The Internet erupted in controversy last year over “Comment 171,” in which MIT Professor Scott Aaronson responded to a discussion of “sexual harassment” by describing the sexual fears he experienced as a nerdy Ivy League student in the late 1990s. Professor Aaronson’s specialty is computer science, but in describing how he was driven to suicidal despair by the terroristic campus crusade against “harassment,” he performed award-worthy work as a psychologist or sociologist, exposing to the world what goes on inside the mind of a socially awkward heterosexual male when confronted by feminism’s pre-emptive accusations of wrongdoing. Because he is a male, and because he is attracted to females, such a student is made to feel as if his interest in the opposite sex is a shameful secret that he must be careful never to reveal.Sure glad I went to college in the 70s. But enough, try it from this much more attractive vessel of anti-feminism. . .
If by any word or gesture he signifies his attraction to a female — or if he even makes a joke that discloses his heterosexuality in a general way — the male student could be accused of “harassment.” When your parents are spending big bucks to send you to an elite school like Cornell University (annual tuition $49,116), the possibility that you could be accused of “harassment” must be a frightening thing, and the risk of a “sexual assault” accusation is the Nightmare Scenario From Hell.
Feminist rhetoric defines both “harassment” and “sexual assault” in terms of experiences that the female deems “unwelcome” or “unwanted.” If a college boy thinks a girl is cute and starts talking to her with the hope that she might reciprocate his interest, his conversation could be considered “harassment” if she dislikes him. Read enough feminist blogs, and you see countless variations of this theme, The Clueless Unattractive Male Who Won’t Take a Hint. His behavior is offensive — “creepy” or “stalkerish” — because (a) he likes her, (b) she doesn’t like him, yet (c) he dares to speak to her without permission, and (d) he doesn’t seem to notice her signals of disinterest. We can easily imagine how a sensitive and intelligent young man like Scott Aaronson circa 1997, being lectured about harassment and rape in a freshman orientation session, must have been stricken with fear upon learning how loathsome his heterosexual orientation made him in the eyes of his fellow students. . .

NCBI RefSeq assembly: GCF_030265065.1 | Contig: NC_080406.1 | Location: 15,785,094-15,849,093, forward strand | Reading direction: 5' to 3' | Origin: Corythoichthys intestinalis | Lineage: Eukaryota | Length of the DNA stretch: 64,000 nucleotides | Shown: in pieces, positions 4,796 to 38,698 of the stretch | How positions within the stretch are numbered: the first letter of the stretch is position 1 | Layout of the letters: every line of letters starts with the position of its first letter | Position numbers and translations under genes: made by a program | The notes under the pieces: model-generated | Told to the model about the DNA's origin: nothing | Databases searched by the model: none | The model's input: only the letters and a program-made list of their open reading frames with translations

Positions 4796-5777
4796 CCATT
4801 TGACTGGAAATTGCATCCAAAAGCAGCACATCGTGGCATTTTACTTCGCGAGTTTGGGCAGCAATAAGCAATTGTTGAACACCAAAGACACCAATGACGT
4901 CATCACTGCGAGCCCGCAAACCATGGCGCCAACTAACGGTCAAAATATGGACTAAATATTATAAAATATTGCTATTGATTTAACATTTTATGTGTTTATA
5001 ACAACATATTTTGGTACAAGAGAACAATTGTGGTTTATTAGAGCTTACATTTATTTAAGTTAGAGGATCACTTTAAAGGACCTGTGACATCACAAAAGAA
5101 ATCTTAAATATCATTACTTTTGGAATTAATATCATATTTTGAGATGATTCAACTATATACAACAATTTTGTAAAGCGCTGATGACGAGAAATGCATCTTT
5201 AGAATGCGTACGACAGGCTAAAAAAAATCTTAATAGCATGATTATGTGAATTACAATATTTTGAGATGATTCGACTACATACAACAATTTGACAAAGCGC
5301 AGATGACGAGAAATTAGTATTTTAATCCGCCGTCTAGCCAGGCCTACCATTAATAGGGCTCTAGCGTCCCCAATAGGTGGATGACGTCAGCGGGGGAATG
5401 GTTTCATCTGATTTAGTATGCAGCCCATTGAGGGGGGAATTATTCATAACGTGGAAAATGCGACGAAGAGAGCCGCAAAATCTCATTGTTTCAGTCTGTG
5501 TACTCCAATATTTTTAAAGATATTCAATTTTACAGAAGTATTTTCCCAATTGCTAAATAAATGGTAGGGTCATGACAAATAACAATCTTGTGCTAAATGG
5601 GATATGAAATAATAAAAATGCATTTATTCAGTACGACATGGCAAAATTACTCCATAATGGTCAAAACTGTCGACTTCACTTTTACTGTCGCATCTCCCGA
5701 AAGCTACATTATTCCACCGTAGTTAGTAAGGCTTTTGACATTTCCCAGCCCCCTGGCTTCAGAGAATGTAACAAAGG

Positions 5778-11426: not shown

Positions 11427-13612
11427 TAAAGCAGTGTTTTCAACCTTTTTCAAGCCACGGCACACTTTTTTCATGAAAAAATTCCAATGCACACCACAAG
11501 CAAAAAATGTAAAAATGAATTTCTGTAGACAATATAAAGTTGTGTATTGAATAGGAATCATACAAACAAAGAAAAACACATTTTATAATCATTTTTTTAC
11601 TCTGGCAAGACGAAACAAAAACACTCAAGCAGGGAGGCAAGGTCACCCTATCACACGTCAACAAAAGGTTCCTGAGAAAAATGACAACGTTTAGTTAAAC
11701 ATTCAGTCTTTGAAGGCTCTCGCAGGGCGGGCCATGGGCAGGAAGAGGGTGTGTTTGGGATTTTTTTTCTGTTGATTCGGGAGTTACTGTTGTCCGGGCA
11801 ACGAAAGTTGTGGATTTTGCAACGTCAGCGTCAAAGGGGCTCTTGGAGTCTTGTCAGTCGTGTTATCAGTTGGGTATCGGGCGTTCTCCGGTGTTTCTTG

While you you contemplate the 100 Best Things About Being Male:
- Phone conversations are over in 30 seconds flat.
- Movie nudity is virtually always female.
- You know stuff about tanks.
- A five-day vacation requires only one suitcase.
- Monday Night Football
- You don't have to monitor your friends' sex lives.
- Your bathroom lines are 80 percent shorter.
- Old friends don't give a crap whether you've lost or gained weight.
- Dry cleaners and haircutters don't rob you blind.
- When clicking through the channels, you don't have to stall at every shot of somebody crying.
- Your ass is never a factor in job interviews.
- All your orgasms are real.
- A beer gut doesn't make you invisible to the opposite sex. . . .
Wombat-socho has "Rule 5 Sunday: Just What It Says On The Label" ready at The Other McCain to fulfill any Rule 5 needs I might have missed.